verb (used without object), a·toned, a·ton·ing.
verb (used with object), a·toned, a·ton·ing.
- atonement, day of,
- atonic bladder
Origin of atone
Examples from the Web for atone
You must atone, apologize, and beg forgiveness for the thousands of LGBT lives you have taken.Do LGBTs Owe Christians an Olive Branch? Try The Other Way Around|Jay Michaelson|December 14, 2014|DAILY BEAST
Heracles goes on his twelve labours, not to better mankind, but to achieve immortality and atone for his own sins.The Walking Dead’s Luke Skywalker: Rick Grimes Is the Perfect Modern-Day Mythical Hero|Regina Lizik|October 28, 2014|DAILY BEAST
We all have a collective responsibility to atone for the actions of the U.S. and Israel in the coming weeks.Jews and Non-Jews Need to Repent for the Sins of the U.S. and Israel|Rabbi Michael Lerner|September 24, 2014|DAILY BEAST
These “outsiders” are being invited to atone for their sins by leaving the new state.
I wondered how many centuries of purgatory it would take to atone for such a sin.Read ‘The King in Yellow,’ the ‘True Detective’ Reference That’s the Key to the Show|Robert W. Chambers|February 20, 2014|DAILY BEAST
His age should atone for a thousand faults, and above all things, I think you should not have said anything to him about his son.The Battle of The Press|Theophila Carlile Campbell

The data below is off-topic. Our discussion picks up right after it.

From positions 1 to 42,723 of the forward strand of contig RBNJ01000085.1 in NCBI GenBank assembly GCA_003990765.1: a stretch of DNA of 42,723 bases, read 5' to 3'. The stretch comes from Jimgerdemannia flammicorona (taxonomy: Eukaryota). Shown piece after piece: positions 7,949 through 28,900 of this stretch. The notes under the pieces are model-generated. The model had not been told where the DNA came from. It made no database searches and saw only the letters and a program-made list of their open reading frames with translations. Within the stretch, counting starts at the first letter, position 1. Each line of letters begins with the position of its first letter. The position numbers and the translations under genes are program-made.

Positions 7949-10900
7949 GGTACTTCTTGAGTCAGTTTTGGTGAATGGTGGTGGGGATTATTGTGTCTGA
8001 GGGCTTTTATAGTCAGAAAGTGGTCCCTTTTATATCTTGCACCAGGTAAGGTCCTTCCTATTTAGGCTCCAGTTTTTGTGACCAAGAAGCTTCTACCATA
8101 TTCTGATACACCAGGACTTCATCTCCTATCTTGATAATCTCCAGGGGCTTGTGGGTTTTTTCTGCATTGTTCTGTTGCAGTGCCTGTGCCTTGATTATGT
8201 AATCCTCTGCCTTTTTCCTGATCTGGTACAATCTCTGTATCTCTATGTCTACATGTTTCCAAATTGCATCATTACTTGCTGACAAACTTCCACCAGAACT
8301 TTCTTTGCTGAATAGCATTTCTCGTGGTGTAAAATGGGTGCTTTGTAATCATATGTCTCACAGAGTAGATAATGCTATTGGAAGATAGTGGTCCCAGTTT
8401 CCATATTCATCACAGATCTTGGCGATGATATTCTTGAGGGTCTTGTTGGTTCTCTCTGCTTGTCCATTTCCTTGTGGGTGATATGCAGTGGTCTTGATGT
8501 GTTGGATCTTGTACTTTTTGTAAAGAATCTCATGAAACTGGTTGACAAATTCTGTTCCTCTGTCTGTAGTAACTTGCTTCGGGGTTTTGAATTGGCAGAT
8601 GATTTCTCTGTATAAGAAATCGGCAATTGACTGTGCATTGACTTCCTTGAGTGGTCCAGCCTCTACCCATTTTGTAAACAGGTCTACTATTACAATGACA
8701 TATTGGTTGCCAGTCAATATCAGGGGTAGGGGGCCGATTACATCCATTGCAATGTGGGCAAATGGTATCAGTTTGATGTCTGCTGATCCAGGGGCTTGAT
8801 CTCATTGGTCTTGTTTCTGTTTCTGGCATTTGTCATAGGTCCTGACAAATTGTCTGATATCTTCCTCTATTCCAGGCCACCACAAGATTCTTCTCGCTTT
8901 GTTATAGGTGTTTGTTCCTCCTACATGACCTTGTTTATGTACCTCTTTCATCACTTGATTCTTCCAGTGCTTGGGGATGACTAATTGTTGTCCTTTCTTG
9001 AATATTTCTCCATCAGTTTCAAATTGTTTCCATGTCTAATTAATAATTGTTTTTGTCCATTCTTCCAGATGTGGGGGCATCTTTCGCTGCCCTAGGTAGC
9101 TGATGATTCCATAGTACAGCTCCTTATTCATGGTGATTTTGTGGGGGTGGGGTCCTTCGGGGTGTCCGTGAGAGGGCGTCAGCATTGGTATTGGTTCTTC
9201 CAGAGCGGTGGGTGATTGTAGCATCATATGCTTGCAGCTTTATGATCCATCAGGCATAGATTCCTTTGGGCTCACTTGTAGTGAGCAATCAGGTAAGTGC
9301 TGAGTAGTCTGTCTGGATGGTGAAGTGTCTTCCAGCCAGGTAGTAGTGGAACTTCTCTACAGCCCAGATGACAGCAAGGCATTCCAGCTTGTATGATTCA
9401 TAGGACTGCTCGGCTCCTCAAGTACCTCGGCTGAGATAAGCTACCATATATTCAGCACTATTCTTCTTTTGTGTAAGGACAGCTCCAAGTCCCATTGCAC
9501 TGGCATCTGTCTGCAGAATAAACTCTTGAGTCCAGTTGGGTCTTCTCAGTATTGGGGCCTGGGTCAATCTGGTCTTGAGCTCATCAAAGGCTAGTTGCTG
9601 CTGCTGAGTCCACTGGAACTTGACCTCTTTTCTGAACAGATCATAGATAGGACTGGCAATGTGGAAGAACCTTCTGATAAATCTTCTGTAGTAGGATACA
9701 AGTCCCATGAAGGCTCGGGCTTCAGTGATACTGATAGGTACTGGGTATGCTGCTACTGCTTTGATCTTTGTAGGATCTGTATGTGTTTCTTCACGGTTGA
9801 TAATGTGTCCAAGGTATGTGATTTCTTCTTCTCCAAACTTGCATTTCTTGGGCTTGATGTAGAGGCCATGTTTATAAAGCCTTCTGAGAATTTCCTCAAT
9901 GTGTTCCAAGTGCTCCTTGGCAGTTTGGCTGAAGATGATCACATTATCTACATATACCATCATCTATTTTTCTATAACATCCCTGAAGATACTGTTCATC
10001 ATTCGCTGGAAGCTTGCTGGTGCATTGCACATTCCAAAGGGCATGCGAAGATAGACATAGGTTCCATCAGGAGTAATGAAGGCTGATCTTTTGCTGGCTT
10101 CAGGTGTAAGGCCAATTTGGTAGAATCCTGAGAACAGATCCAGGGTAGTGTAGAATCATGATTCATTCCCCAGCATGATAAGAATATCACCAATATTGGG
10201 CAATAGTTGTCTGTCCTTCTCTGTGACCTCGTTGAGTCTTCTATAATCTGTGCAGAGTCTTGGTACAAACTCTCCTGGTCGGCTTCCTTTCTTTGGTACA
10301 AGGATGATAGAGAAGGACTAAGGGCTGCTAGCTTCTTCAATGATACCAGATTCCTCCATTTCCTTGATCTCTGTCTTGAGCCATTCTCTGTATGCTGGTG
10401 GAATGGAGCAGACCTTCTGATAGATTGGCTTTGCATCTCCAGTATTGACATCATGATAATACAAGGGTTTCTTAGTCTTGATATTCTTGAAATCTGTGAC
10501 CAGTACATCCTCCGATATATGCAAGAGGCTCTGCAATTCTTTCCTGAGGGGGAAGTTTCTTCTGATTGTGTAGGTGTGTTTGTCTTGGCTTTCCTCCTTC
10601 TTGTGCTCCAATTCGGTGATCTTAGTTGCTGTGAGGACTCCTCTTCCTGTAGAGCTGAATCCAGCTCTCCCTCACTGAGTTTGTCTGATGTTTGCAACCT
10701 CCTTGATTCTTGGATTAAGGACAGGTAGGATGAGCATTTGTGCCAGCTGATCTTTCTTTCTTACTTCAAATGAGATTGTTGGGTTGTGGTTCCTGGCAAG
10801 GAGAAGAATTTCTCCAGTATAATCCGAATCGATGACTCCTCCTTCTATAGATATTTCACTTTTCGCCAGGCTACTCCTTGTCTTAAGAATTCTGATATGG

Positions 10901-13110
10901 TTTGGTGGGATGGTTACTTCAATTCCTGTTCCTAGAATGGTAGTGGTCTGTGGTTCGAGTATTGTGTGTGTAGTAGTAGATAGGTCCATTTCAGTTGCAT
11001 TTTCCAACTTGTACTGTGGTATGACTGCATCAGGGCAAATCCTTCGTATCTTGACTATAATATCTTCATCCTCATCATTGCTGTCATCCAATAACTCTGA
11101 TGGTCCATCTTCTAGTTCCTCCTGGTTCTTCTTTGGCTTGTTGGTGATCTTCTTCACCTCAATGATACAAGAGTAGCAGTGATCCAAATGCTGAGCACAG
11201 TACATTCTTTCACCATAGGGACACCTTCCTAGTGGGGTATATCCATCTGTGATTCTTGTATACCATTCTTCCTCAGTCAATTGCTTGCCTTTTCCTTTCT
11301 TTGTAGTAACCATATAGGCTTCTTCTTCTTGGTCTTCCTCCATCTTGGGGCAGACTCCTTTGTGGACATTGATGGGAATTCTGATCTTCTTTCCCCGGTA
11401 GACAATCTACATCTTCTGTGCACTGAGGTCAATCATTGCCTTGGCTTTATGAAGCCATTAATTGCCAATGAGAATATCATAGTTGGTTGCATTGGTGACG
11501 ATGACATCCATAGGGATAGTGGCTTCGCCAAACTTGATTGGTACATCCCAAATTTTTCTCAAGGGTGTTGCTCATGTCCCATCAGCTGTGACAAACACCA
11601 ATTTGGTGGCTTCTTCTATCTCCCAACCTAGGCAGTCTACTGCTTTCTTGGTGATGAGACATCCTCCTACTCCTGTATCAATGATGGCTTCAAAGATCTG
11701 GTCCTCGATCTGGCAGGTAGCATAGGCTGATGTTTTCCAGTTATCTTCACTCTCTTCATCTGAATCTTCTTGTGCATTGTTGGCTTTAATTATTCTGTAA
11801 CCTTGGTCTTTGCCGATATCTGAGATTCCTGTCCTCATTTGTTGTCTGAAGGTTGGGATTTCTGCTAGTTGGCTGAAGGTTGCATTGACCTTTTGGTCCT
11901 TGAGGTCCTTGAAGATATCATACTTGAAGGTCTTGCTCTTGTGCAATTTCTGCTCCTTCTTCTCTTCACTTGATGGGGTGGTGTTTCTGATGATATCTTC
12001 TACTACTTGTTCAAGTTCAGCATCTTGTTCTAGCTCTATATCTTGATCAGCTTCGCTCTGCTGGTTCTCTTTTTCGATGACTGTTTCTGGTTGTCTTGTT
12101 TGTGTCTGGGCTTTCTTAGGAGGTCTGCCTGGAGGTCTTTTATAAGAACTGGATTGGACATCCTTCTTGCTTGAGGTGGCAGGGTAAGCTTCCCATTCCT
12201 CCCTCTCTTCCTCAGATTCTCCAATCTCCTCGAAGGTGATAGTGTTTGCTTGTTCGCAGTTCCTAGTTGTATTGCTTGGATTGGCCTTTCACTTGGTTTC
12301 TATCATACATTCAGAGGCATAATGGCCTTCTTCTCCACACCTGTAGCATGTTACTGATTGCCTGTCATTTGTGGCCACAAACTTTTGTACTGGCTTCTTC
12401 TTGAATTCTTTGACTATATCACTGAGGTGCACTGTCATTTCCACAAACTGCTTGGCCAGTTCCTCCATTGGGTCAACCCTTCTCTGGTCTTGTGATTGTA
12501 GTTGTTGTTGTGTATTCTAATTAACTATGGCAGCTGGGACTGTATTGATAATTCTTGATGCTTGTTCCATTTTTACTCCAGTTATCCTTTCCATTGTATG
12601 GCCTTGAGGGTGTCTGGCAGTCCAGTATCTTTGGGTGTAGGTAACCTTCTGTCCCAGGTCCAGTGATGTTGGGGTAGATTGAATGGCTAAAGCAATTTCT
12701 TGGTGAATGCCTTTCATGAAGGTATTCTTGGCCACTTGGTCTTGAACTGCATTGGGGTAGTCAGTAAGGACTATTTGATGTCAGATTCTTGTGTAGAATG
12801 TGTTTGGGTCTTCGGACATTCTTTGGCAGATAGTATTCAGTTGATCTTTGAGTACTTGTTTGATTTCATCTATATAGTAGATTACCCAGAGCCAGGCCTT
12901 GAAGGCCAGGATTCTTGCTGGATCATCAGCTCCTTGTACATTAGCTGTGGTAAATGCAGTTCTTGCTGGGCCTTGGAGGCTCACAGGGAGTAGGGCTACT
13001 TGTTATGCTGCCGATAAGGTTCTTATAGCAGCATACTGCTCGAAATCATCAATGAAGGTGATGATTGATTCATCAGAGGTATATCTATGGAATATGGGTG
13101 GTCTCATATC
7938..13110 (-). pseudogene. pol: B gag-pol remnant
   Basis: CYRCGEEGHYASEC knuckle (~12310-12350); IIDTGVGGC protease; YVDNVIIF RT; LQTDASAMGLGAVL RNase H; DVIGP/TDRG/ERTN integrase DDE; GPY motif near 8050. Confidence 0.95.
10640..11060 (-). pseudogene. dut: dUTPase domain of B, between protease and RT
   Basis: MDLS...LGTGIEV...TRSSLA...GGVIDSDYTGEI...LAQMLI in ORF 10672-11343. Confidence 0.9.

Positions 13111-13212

I could only atone for the alleged offence by fetching her some refreshment, of which she readily partook.Red Gauntlet|Sir Walter Scott
The poor boy had suffered so much that it was her duty to console him, and atone for her past neglect.File No. 113|Emile Gaboriau
The toil and devotion of a life would be too little to atone!Heartsease|Charlotte M. Yonge
"I hope he does repent—that he will atone," said Miss Bridgeman, gloomily.Mount Royal, Volume 3 of 3|Mary Elizabeth Braddon
Word Origin for atone
1550s, from adverbial phrase atonen (c.1300) "in accord," literally "at one," a contraction of at and one. It retains the older pronunciation of one. The phrase perhaps is modeled on Latin adunare "unite," from ad- "to, at" (see ad-) + unum "one." Related: Atoned; atoning.